Saturday, October 23


Daily News Stuff 23 October 2021

Kill It With Fire Edition

Top Story

  • Do not use Node.js, under any circumstances, for anything.  (Reddit)

    Yet another massive package compromise because the entire ecosystem is built and managed by morons.  (Not the good kind either.)

    I don't know who it was or why they decided we needed something worse than PHP, but that's what we have.

Tech News

  • Apple's new M1 Max has the GPU compute power of an RTX 3060.  (Tom's Hardware)

    Benchmarks on GPU acceleration in Adobe Premiere Pro are in line with the raw specs listed by Apple, rather than with the synthetic OpenGL benchmarks that put it closer to an RTX 3080.

    It's still very, very good for integrated graphics.

    The M1 Max is a huge chip - three times the size of AMD's 8 core laptop chips despite being built on the smaller 5nm process.  What I think they've done is undervolted it to keep power consumption low, and that is constraining GPU performance (though not CPU performance, since the chip is 80% GPU).

    In a desktop system with twice the power budget it might perform quite a bit better.  Not twice as fast, but better.

  • Intel's discrete GPUs will be available at retail in Q1 2022.  (AnandTech)

    Finally, we'll have a source of graphics cards not restricted by the limited space available TSMC and Samsung's production lines.
    The fundamental building block of Alchemist is the Xe Core. For manufacturing, Intel is turning to TSMC’s N6 process to do it.
    Well, crap.

  • The ASRock X570S Riptide has PCIe slots.  (AnandTech)

    Specifically, six of them.  Most ATX motherboards these days only have three.  With the built-in hardware on those boards you can get away with just one, for a GPU, but if you then add a 10Gb Ethernet card, and one of the slots shares lanes with an M.2 slot, you suddenly run out.

    This board gives you one x16 slot, one x4, one x2, and three x1.  Which is fine; a PCIe 4 x1 slot is enough for 10Gb Ethernet and nearly enough for dual 10Gb.  Plus two M.2 slots, built-in 2.5Gb Ethernet, and the other usual stuff.

  • The Polygon blockchain paid a security researcher $2 million for finding a bug and then not stealing $600 million.  (Tom's Hardware)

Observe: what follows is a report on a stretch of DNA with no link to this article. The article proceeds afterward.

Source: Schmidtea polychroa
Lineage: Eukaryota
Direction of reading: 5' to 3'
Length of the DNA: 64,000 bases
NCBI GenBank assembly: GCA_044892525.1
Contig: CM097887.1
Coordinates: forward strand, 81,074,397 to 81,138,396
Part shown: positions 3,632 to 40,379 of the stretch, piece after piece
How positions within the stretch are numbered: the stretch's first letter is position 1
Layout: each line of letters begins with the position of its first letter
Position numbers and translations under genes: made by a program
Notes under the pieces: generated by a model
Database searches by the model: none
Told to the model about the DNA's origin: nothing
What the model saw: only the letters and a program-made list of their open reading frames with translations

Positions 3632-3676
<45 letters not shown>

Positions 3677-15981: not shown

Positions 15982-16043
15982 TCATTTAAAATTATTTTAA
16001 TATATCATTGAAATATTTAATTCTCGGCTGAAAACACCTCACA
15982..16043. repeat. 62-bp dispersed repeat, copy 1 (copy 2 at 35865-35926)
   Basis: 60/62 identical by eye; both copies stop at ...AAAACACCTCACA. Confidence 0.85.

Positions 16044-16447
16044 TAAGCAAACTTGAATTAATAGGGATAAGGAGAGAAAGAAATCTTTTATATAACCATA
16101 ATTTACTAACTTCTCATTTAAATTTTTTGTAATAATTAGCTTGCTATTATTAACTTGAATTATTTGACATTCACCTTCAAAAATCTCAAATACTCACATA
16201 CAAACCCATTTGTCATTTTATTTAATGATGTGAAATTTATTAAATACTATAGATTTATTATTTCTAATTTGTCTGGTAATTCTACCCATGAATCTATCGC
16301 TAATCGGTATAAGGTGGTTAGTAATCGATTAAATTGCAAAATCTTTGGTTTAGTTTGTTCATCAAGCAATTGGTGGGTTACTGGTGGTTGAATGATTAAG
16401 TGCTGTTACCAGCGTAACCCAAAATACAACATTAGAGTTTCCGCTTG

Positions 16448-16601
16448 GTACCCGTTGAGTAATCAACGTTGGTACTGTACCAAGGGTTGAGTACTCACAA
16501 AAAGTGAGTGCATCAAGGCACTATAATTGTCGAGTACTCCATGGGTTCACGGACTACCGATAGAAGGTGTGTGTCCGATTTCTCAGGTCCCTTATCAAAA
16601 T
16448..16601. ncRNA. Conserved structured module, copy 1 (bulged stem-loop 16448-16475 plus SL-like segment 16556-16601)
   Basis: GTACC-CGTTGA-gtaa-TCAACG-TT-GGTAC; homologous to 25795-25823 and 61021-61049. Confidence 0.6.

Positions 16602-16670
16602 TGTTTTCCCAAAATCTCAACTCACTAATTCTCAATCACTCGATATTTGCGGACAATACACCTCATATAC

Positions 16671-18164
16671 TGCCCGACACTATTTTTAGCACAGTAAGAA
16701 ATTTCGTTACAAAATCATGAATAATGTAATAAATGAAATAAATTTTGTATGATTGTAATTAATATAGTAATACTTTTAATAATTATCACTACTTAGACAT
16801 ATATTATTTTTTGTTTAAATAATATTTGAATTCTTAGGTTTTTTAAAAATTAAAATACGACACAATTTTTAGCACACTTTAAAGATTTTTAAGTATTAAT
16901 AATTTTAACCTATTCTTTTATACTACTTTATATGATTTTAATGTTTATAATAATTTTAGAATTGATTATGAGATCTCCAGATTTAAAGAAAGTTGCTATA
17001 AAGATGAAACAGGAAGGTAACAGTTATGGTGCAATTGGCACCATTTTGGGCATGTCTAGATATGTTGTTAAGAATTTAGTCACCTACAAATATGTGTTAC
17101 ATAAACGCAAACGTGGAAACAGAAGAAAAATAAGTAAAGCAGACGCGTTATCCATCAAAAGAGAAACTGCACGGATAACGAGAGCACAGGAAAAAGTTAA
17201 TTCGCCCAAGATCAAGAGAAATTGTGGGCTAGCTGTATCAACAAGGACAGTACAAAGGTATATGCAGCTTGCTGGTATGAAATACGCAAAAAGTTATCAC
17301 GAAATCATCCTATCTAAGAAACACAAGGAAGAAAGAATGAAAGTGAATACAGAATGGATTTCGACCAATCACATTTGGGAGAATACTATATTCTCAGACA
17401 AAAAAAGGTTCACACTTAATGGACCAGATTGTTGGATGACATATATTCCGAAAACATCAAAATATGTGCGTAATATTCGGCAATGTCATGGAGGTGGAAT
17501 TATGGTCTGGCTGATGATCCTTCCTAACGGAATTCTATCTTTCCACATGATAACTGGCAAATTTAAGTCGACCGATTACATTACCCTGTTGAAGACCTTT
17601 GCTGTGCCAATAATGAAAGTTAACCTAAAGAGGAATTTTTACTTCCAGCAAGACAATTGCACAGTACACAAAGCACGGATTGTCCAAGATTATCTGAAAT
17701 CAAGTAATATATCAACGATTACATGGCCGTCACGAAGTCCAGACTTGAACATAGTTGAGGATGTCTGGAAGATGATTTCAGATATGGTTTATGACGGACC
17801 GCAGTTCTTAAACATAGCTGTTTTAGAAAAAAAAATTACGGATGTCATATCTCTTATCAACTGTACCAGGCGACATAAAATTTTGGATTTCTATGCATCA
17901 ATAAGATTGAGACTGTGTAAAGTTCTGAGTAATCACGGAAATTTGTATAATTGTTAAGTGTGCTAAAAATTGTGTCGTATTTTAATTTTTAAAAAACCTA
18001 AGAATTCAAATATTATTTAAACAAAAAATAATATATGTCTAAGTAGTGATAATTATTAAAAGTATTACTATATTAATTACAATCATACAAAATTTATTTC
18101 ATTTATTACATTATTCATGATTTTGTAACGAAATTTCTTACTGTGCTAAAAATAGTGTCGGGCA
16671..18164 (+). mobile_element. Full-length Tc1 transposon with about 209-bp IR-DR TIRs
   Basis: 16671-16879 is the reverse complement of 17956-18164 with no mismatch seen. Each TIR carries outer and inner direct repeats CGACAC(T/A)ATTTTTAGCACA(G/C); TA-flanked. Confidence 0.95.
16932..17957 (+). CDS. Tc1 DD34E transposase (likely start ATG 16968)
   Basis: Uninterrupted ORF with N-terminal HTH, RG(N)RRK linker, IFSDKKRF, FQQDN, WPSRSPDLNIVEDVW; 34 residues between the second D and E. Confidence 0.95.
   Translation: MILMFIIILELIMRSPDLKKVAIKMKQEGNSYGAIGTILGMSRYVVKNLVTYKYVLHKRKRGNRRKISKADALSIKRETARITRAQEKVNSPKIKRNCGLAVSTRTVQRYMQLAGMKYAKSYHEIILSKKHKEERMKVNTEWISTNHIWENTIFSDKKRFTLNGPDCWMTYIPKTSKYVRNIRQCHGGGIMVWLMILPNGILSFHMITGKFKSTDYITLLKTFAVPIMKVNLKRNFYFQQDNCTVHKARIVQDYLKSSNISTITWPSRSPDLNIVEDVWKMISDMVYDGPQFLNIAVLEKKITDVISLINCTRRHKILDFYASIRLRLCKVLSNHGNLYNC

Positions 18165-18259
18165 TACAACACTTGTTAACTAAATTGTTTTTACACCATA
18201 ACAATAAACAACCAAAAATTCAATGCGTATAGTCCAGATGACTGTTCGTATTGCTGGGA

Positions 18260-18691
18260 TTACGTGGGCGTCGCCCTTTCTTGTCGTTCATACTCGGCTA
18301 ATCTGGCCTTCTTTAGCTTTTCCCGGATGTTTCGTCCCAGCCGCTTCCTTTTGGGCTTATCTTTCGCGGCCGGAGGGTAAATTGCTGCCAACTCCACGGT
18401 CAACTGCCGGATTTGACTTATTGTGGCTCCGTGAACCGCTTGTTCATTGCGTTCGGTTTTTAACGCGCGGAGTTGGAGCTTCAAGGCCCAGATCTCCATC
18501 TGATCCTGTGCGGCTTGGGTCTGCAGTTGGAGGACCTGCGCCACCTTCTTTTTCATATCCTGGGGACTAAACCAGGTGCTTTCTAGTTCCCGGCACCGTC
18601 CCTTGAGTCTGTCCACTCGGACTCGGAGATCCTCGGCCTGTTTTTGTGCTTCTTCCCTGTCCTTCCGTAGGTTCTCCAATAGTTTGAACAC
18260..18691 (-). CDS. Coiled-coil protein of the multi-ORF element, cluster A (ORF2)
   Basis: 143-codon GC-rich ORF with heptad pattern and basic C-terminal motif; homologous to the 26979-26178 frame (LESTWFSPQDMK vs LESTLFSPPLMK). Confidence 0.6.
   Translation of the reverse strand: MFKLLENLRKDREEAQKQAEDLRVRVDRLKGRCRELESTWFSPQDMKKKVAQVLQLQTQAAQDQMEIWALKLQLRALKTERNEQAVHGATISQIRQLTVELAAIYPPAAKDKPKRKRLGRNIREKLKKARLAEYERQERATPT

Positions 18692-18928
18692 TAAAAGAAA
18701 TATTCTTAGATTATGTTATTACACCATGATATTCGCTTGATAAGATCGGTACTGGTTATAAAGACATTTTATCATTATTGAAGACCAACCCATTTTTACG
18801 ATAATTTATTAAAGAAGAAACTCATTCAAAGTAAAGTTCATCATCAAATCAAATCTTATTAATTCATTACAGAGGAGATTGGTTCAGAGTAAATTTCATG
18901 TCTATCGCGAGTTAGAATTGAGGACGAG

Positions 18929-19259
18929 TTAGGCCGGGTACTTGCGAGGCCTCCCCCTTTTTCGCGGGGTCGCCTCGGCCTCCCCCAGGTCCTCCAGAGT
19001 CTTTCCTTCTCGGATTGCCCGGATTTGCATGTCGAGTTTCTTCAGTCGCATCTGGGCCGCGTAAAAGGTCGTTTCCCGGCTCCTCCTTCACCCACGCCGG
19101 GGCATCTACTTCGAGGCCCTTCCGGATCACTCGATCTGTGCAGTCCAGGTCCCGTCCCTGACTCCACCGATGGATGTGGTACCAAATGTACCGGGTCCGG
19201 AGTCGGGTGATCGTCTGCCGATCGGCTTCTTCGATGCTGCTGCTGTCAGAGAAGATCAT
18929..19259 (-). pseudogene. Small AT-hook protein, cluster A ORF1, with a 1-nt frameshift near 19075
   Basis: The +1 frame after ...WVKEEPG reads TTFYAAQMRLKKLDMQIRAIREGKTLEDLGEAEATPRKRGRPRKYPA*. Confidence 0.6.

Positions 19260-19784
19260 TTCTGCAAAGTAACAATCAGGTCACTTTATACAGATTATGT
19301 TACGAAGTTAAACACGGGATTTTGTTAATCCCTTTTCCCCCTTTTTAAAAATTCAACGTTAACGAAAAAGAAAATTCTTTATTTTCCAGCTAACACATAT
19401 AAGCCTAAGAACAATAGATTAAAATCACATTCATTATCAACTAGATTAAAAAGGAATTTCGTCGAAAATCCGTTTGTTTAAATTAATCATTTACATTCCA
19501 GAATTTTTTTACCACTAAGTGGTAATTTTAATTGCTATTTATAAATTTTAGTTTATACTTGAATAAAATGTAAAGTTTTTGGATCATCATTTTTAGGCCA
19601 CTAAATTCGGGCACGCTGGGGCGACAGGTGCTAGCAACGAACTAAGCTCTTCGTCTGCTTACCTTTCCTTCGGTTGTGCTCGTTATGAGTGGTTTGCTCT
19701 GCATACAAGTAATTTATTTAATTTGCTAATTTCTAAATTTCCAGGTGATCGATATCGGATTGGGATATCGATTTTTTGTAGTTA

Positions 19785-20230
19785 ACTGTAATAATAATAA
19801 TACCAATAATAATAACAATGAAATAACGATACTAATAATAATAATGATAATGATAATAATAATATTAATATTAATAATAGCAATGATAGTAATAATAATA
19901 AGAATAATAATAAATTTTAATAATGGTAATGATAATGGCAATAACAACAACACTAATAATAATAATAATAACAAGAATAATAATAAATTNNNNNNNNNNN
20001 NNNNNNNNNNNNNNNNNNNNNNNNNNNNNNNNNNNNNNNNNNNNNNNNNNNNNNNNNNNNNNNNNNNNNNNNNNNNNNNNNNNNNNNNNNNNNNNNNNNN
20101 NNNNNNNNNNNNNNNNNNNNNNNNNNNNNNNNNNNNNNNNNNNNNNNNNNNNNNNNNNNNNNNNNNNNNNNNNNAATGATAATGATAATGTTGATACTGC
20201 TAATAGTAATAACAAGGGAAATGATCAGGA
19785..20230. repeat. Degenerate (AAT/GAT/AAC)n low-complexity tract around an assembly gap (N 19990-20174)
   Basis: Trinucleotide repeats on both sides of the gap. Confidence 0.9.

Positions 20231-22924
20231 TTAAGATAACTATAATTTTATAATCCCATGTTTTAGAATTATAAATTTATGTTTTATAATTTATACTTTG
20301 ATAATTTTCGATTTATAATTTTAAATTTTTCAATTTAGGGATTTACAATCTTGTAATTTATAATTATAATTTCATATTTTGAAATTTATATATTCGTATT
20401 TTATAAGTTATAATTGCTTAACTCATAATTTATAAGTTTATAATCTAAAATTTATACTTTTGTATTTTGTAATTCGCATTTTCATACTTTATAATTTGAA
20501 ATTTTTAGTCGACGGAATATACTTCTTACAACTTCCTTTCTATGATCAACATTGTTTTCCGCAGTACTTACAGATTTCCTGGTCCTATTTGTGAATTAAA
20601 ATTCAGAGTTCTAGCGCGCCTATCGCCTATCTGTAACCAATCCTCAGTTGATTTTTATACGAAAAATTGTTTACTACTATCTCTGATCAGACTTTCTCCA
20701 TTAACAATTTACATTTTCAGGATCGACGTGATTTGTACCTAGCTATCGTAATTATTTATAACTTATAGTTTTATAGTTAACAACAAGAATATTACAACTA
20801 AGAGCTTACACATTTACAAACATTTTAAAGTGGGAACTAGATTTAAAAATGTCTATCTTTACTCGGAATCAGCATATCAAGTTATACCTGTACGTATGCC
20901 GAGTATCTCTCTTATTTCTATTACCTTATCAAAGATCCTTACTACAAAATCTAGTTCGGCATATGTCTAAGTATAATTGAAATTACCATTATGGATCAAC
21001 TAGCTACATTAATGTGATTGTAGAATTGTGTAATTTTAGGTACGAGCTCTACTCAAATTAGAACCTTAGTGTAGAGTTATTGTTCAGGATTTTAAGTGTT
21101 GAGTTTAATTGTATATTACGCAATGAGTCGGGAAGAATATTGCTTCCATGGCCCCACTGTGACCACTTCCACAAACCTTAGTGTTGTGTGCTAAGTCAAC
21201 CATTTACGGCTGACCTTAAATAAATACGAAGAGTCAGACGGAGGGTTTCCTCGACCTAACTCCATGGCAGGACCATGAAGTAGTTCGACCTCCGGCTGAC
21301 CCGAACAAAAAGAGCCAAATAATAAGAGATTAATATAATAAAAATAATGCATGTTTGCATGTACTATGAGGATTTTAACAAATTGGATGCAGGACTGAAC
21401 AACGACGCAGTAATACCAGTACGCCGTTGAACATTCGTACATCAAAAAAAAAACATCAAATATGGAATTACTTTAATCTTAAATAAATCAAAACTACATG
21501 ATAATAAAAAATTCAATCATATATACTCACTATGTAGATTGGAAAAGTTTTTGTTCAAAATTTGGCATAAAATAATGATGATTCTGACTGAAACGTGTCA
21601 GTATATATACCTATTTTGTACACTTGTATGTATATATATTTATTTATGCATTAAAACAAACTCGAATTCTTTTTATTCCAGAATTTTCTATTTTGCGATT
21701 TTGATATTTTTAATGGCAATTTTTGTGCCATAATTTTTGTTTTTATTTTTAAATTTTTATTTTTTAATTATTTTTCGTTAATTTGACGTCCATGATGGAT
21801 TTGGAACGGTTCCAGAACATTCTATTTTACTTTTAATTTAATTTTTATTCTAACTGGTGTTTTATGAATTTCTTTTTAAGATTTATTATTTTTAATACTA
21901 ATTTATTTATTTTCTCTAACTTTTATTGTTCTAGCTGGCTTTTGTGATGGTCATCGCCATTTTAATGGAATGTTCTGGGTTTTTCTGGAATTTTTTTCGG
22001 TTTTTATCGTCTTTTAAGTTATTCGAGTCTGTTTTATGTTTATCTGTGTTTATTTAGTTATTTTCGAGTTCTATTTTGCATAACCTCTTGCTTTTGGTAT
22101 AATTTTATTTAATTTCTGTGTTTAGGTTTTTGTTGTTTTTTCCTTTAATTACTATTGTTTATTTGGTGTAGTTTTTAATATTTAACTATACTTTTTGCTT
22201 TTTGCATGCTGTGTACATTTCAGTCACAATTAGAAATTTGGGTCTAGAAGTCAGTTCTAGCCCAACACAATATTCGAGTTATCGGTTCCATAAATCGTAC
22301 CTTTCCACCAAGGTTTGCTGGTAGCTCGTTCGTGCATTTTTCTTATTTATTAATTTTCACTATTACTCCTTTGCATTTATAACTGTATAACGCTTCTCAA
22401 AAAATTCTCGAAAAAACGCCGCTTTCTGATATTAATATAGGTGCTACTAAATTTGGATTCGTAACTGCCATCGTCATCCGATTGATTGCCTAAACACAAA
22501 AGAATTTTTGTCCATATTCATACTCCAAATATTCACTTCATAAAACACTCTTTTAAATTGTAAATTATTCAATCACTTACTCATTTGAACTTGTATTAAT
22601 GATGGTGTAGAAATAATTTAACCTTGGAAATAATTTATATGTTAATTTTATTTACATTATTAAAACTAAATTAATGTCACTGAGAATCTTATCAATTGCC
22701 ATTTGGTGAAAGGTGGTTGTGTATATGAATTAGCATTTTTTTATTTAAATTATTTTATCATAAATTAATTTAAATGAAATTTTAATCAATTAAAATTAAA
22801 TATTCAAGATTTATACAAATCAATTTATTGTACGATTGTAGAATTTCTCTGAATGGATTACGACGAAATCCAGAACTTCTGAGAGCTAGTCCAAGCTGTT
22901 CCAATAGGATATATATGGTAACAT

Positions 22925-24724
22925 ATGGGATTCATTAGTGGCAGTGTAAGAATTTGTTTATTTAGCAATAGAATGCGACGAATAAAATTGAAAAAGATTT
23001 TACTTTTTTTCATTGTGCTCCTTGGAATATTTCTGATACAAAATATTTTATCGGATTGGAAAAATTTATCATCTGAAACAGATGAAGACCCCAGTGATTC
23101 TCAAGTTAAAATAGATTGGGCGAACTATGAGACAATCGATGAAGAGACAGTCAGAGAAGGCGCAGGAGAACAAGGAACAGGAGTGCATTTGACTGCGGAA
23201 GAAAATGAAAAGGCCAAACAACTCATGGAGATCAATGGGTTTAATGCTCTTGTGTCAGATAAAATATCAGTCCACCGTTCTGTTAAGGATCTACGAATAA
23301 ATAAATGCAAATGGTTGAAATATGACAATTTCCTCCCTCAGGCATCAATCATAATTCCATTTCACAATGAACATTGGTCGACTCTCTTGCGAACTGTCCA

Not crime pays sometimes.

  • DDR5 will be 60% more expensive than DDR4, at least initially.  (WCCFTech)

    Not unexpected, and previous memory generation shifts have been worse.

  • Working in tech kind of sucks.  (ZDNet)

    On the other hand, these people are idiots:
    So pervasive were the feelings of burnout amongst data engineers that 78% said they wished their job came with a therapist to help them manage stress

  • Intel's future depends on making everyone else's chips.  (Ars Technica)

    No it doesn't.

  • Safari is the new Internet Explorer.  (The Register)

    Chrome supports 94% of the 2021 web compatibility suite.  Firefox manages 91%.  Safari just 71%.

    At my day job the UI team curses Safari constantly.  But it's the only browser available on iOS.  No matter what you install, it's just Safari with a coat of paint over it.

Disclaimer: Never eat stale watermelon.

Posted by: Pixy Misa at 05:24 PM | Comments (4) | Add Comment | Trackbacks (Suck)
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1 The tech worker thing:  they'll probably largely be replaced by low-paid H1Bs or remote workers, rather than the company improving conditions.

Posted by: Rick C at Sunday, October 24 2021 02:23 AM (Z0GF0)

2 Rick C., I think you're on to something.
1999:  'merican workers are being replaced by H1Bs because they work cheap! 2022:  'merican workers are being replaced by H1Bs because they're not crybaby drama queens!

Posted by: normal at Sunday, October 24 2021 07:26 AM (obo9H)

3 Yep.  Working in the tech industry can be very stressful, but that's is obviously not something a therapist can fix.  I don't know how the survey was worded so maybe that answer wasn't as dumb as it sounds, but it sounds pretty dumb.

Posted by: Pixy Misa at Sunday, October 24 2021 08:44 AM (PiXy!)

4 I finally read that Arse Technica babble about intel.  I mean, there are problems (the author once heard the term "Moore's Law" and definitely thinks he might know what it probably means, and his grasp of economics is dazzling in the same way that a laser pointer to the eye is), but the author bio really cuts to the chase:
"Tim De Chant covers technology, policy, and energy at Ars. He has written for Wired, The Wire China, and NOVA Next, and he teaches science writing at MIT. De Chant received his PhD in environmental science from the UC-Berkeley."

Posted by: normal at Sunday, October 24 2021 09:10 AM (obo9H)

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Apple pies are delicious. But never mind apple pies. What colour is a green orange?

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